I do not mean any disrepect to Henry Wilhelm, and indeed hold his efforts over the past several decades in highest esteem.
However, I do feel it improper for someone to drive forward an agreeable standard, but then force all of the industry to submit to his own institute, WIR (Wilhelm Imaging Research), to qualify to meet that standard. While the concept of a "seal" sounds good on the outside, the obvious conflict of interest is a problem for me.
I agree with other posters that a standard approach would be beneficial, and at least he has tried to achieve that. However, once that standard is achieved, it cannot be then controlled by any single entity. To do so is self serving and opens the door for any number of things. Despite his criticism of ANSI standards and government involvement giving way to industry pressures, this approach is not much better.
Unless the institute is willing to test and publish results of any legitimate manufacturers product without a fee, and unless any funds provided to support the research and testing are raised without obligation and blind to the research side, then the institute becomes self serving and a business, no matter how noble the cause may seem. (I admit while this may make sense, it may be unrealistic and impossible to accomplish ... how do you get any funds at all if no one has to pay? Of course this doesn't make the conflict of interest a non-issue).
Otherwise, the only correct procedure might be akin to the recent system implemented by the USGA in the measurement of drivers by golf club makers. Once the standard was established, and an accurate and repeatable method of measuring that standard was created (in this case a device), then any manufacturer could either submit their clubs to be tested, or could indeed purchase the necessary equipment and do their own certified testing.
Perhaps there is enough disagreement in the industry that this isn't possible, but it would be very beneficial if all the manufacturers agreed on the testing procedure/methods/equipment, and used the same process to measure the longevity of their product. If they prefered they could pay a company like Wilhelm to do the testing, but it would not be required of anyone. Indeed, if they felt the need to do tests in addition to those required, they could do those tests with appropriate explanations, but still do the standard tests.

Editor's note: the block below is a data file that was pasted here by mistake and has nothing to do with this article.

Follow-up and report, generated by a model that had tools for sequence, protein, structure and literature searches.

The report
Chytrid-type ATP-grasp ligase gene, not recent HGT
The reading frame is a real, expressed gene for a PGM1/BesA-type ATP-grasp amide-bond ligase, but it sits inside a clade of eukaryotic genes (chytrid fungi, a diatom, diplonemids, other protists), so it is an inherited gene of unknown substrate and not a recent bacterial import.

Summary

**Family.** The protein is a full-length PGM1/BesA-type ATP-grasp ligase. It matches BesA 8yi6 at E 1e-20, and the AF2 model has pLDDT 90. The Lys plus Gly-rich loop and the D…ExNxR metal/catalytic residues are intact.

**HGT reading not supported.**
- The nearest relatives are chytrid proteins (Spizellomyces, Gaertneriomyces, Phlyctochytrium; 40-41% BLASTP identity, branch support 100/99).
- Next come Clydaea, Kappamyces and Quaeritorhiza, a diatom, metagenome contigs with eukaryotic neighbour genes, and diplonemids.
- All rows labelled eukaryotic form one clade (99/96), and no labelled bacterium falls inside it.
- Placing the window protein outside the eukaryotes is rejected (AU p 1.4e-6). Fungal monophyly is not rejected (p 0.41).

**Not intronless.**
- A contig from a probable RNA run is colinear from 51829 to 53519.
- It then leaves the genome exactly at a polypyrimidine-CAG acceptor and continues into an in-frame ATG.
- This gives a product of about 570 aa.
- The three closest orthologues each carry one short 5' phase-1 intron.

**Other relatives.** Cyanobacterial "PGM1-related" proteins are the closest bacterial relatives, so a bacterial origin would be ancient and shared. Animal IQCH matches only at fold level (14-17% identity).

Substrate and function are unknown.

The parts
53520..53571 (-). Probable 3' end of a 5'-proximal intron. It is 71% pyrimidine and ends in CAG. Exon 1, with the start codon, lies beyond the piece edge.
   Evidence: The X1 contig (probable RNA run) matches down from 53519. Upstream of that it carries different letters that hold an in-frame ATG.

I offer these ideas/critcism openly admitting I have no direct knoweldge of the relationship of WIR to manufacturers other than the conversation mentioned in my original post. They may operate just as I have suggested, but I have done some research on their site to see exactly how they operate, and my opinions are based on the fact that I can find no information to indicate their policy. (I intend to research further, their site is very poorly done and difficult to search). I would assume if research was blind to revenue, it would be a big deal and mentioned quite boldly, since it would lend great credibility to the published tests.
That being said, in my research I did find this link regarding the longevity of the Canon Lucia inks, which supports the idea that the black ink change was not the result of a longevity issue, but prompted by the reasons told to me by Canon, need to improve metamerism and gloss differential, especially on photo papers.http://www.canon.ca/pdf/Official_Canon_WIR...lt_April_07.pdf
I might also add that while I applaud the desire of manufacturers to improve their inks, at this point the life of the inks are no longer a factor in my purchase decisions, meaning as long as it is a good inkset with good longevity, I won't choose another because it lasts longer. I may choose it for other reasons, but when it comes down to the big 3, Epson, Canon, and HP, and their recent inks, they all last long enough. The fact is that within 100 years, the life of the great majority of photographs will end in some other manner besides fading, and that is the true problem with photographic longevity.